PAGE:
The Frog and the Mouse

dc.acquired.locationAlific Language Plusen_US
dc.contributor.authorKang, Yoon-Chungen_US
dc.contributor.authorKim, Bok-Taeen_US
dc.contributor.illustratorIllustrated by Kim Bok-Taeen_US
dc.cost.otherCost: 6,800 Wonen_US
dc.cost.usCost: $6.55en_US
dc.date.accessioned2016-01-25T19:59:54Z
dc.date.acquired2005-11en_US
dc.date.available2016-01-25T19:59:54Z
dc.date.issued2000en_US
dc.date.printed2000en_US
dc.description.abstractI first saw a wall-full of this series at Kyobo Book in Seoul in July, '04. I bought one copy, came home, and worked to order the full set of thirty booklets, workbooks, and audio cassettes from the publisher. Each set cost 9,800 Won. I have divided that cost among the book (6800 Won), booklet (1000 Won), and cassette (2000 Won). The colored booklet features twenty-eight thick, sturdy pages and excellent color reproduction. The art is cartoon-like, simple, and direct. This version deals in its own way with the issues that this story has presented down through the tradition. Frog suggests the tying up of legs, and mouse agrees. Mouse creates the first discomfort in the relationship when he drags frog off quickly to a field to eat. When frog gets the bright idea to swim, mouse mentions that he cannot breathe underwater and can't even swim well (14). After the difficulty of a first plunge, mouse comes to like swimming. It is fun. He gets tired, however, and here the frog shows his poor side. He does not care about mouse's needs or desires and starts swimming again. He asks after a while if mouse is okay, gets no answer, and realizes that he is dead. Too bad. I'll just keep swimming (22). What the hawk sees he recognizes as a dead mouse. The last picture is quite graphic: the hawk has swallowed the dead mouse, and the frog and string dangle from his mouth. Frog is next! I notice one inconsistency within this version. One leg of each is tied together according to all the illustrations and almost all of the text. Once the text speaks strangely in the plural: My legs are tied to yours, the mouse answers when the frog tells him that he can leave if he wants to (20). If you harm others, you will also be harmed.en_US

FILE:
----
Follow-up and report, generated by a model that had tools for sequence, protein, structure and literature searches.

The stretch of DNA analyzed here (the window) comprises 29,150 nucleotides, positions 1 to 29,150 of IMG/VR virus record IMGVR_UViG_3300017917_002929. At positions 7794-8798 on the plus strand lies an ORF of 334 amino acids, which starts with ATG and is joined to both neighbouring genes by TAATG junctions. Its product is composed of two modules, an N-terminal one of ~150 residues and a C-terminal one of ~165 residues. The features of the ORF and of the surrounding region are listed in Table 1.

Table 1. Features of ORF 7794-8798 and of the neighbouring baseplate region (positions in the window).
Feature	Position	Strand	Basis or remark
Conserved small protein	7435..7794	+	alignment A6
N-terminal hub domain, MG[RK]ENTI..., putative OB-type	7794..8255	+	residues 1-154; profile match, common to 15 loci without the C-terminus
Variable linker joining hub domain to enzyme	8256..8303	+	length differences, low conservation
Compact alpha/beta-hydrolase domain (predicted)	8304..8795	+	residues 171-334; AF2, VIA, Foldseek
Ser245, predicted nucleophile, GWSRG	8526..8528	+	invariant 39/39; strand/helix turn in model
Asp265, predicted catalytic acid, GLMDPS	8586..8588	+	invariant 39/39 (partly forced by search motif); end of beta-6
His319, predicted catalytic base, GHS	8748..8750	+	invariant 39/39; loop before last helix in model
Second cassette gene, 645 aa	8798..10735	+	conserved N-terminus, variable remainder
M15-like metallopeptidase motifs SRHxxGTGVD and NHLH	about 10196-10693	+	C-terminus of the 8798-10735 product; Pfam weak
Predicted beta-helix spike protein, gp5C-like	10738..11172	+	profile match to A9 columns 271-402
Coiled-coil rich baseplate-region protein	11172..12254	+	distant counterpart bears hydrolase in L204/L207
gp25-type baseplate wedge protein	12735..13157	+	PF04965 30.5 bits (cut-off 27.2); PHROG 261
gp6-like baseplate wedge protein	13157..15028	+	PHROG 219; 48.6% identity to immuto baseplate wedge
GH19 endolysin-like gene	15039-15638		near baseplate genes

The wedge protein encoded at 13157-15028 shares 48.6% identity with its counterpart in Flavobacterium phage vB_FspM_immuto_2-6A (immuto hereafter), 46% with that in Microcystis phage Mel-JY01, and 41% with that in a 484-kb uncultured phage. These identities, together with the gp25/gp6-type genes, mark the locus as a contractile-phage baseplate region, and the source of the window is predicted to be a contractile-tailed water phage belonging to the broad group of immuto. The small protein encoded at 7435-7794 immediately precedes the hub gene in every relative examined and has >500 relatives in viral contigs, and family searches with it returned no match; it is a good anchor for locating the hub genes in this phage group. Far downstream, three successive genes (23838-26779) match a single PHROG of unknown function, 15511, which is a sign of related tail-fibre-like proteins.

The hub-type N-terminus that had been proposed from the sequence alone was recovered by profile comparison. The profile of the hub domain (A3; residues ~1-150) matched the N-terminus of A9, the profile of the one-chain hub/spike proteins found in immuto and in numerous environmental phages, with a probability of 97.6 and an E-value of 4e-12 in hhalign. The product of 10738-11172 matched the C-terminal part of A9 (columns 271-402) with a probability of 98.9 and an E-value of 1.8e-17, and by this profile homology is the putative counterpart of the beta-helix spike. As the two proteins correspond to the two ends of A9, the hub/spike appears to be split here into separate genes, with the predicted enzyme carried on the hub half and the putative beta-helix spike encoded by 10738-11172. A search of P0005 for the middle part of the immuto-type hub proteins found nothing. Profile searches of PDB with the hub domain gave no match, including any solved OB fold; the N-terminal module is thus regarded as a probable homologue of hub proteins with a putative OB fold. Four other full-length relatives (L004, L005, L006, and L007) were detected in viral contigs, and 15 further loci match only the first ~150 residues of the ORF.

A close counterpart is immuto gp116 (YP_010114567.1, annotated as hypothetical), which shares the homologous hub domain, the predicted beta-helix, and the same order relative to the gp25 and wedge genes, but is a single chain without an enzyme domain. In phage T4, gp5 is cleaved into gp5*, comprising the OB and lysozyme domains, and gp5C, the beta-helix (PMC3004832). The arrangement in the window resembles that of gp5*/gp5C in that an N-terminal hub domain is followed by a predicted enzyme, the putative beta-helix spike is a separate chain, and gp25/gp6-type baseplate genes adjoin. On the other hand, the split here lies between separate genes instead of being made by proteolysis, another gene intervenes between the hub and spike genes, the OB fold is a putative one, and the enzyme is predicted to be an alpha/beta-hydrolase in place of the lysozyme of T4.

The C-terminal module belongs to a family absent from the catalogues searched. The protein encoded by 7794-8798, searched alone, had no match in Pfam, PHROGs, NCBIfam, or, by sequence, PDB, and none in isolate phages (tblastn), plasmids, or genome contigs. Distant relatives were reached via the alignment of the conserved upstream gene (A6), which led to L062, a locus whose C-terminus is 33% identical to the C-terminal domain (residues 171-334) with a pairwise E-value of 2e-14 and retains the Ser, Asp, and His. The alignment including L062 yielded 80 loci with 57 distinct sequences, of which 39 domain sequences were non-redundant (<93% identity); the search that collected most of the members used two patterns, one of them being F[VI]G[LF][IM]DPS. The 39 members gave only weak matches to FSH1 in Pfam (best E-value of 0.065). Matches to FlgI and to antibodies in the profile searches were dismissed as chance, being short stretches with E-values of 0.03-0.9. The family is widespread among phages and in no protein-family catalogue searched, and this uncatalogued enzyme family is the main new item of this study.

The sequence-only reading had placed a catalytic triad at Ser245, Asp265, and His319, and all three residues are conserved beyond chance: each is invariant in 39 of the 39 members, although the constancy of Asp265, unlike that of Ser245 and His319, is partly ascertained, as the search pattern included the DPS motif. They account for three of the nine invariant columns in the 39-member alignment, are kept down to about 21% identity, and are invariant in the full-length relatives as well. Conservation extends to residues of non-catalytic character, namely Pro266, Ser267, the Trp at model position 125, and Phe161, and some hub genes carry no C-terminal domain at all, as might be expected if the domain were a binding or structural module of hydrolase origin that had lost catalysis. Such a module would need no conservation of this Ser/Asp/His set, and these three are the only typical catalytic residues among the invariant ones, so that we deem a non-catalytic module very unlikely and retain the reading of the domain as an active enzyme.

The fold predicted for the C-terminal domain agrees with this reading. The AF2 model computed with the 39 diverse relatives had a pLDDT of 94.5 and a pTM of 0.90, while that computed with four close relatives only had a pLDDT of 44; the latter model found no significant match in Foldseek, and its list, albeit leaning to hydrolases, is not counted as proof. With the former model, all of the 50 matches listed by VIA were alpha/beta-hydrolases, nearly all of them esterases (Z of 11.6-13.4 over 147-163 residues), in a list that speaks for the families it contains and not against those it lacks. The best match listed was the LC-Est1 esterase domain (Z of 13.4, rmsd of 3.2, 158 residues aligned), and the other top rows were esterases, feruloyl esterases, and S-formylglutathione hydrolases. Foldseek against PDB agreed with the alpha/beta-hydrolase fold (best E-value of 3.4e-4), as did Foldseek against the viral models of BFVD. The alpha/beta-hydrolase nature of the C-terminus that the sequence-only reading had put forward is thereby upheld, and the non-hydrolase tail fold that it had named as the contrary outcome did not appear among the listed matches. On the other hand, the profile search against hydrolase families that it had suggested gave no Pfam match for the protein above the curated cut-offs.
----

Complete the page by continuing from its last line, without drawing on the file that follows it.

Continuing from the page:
dc.description.coverThis book has a dust jacket (book cover)en_US
dc.description.noteLanguage note: Englishen_US
dc.description.statementofresponsibilityRetold by Kang Yoon-Chungen_US
dc.identifier.isbn8989332540 (bk.)en_US
dc.identifier.other6935 (Access ID)en_US
dc.identifier.urihttp://hdl.handle.net/10504/82240
dc.languageengen_US
dc.printer.locationKoreaen_US
dc.publisherAlific Language Plusen_US
dc.publisher.locationSeoulen_US
dc.subject.lccPE1128.A2 A386 no. 23en_US
dc.subject.local1One storyen_US
dc.subject.local4Title Page Scanneden_US
dc.time.yr2000
dc.titleThe Frog and the Mouseen_US
dc.title.seriesThe Aesop's Fables for Children 23: Tyranno English Programen_US
dc.title.setTyr 23en_US
dc.typeBook, Whole
dc.url.link1http://creighton-primo.hosted.exlibrisgroup.com/primo_library/libweb/action/search.do?fn=search&ct=search&initialSearch=true&mode=Basic&tab=default_tab&indx=1&dum=true&srt=rank&vid=01CRU&frbg=&tb=t&vl%28freeText0%29=991001072379702656&scp.scps=scope%3A%2801CRU%29%2Cscope%3A%2801CRU_ALMA
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